In the Journals

Electronic sensor device linked with reduced rate of manipulation under anesthesia after TKA

Recently published results showed a statistically significant reduction in the rate of manipulation under anesthesia when an electronic ligament sensor-balancing device was used during total knee arthroplasty.

Researchers compared 252 patients undergoing total knee arthroplasty (TKA) with an electronic ligament sensor-balancing device (Verasense, OrthoSensor Inc.) to a cohort of 690 patients undergoing TKA without the use of the sensor.

Results showed patients in the non-sensor group had a rate of manipulation under anesthesia for early arthrofibrosis of 5% vs. 1.6% in the sensor group. Researchers found an average time to manipulation under anesthesia of 13.5 weeks and 7.5 weeks for the non-sensor and sensor groups, respectively. Researchers noted 62% of manipulations occurred within the 90-day postoperative interval. Patients in the non-sensor group had a 3.2-times higher likelihood of requiring manipulation under anesthesia vs. patients in the senor group, according to odds ratio analysis. – by Casey Tingle

Disclosures: Geller reports that he is a paid consultant for Smith and Nephew and Orthosensor; receives research support from Smith and Nephew, Orthosensor, Orthopaedic Scientific Research Foundation and Orthopaedic Research and Education Foundation; is on the editorial or governing board for Clinical Orthopaedics and Related Research and Journal of Arthroplasty; and is a board or committee member for the American Association of Hip and Knee Surgeons and the American Association of Orthopaedic Surgeons. Please see the full study for a list of all other authors’ relevant financial disclosures.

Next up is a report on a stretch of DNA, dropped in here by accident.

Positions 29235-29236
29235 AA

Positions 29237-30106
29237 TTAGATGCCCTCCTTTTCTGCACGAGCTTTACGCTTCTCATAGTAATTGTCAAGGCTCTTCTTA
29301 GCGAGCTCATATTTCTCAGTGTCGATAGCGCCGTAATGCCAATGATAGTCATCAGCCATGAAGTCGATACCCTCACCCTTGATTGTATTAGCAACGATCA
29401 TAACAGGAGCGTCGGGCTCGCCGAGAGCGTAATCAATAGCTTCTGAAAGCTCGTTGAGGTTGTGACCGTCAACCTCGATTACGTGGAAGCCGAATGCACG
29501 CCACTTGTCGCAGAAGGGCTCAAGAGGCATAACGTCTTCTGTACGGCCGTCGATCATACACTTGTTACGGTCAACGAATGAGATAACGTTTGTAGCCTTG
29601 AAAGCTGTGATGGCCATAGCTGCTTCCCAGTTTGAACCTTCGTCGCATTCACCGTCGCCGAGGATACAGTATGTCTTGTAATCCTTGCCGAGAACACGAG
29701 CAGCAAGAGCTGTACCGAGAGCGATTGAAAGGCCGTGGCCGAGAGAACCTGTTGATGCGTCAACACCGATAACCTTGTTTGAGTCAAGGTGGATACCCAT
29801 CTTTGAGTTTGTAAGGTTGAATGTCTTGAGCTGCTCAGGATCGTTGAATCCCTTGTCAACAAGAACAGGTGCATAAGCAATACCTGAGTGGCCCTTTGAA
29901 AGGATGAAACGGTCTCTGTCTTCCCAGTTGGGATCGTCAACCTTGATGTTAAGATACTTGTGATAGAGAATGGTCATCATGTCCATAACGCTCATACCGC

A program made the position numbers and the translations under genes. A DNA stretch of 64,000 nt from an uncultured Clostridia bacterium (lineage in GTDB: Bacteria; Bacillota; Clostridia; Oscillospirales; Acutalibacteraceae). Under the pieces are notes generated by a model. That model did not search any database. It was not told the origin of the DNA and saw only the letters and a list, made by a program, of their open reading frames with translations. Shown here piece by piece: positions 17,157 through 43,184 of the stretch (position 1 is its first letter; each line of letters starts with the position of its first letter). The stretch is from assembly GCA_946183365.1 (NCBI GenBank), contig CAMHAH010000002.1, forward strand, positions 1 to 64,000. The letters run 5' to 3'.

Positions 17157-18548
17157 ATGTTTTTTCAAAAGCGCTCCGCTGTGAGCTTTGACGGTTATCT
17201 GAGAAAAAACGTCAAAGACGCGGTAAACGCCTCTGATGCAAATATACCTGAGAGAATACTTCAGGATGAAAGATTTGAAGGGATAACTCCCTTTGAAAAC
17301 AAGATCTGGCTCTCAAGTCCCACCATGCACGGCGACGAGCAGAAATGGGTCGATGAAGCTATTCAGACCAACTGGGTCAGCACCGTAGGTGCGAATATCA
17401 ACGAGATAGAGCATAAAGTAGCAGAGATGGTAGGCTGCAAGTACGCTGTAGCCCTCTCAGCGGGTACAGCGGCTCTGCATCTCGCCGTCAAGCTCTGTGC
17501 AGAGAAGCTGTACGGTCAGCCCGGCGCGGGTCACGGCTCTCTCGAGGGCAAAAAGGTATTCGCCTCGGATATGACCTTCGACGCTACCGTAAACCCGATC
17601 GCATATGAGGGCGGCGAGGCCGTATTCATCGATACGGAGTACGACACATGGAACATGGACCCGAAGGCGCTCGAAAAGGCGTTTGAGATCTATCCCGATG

Recently published results showed a statistically significant reduction in the rate of manipulation under anesthesia when an electronic ligament sensor-balancing device was used during total knee arthroplasty.

Researchers compared 252 patients undergoing total knee arthroplasty (TKA) with an electronic ligament sensor-balancing device (Verasense, OrthoSensor Inc.) to a cohort of 690 patients undergoing TKA without the use of the sensor.

Results showed patients in the non-sensor group had a rate of manipulation under anesthesia for early arthrofibrosis of 5% vs. 1.6% in the sensor group. Researchers found an average time to manipulation under anesthesia of 13.5 weeks and 7.5 weeks for the non-sensor and sensor groups, respectively. Researchers noted 62% of manipulations occurred within the 90-day postoperative interval. Patients in the non-sensor group had a 3.2-times higher likelihood of requiring manipulation under anesthesia vs. patients in the senor group, according to odds ratio analysis. – by Casey Tingle

Disclosures: Geller reports that he is a paid consultant for Smith and Nephew and Orthosensor; receives research support from Smith and Nephew, Orthosensor, Orthopaedic Scientific Research Foundation and Orthopaedic Research and Education Foundation; is on the editorial or governing board for Clinical Orthopaedics and Related Research and Journal of Arthroplasty; and is a board or committee member for the American Association of Hip and Knee Surgeons and the American Association of Orthopaedic Surgeons. Please see the full study for a list of all other authors’ relevant financial disclosures.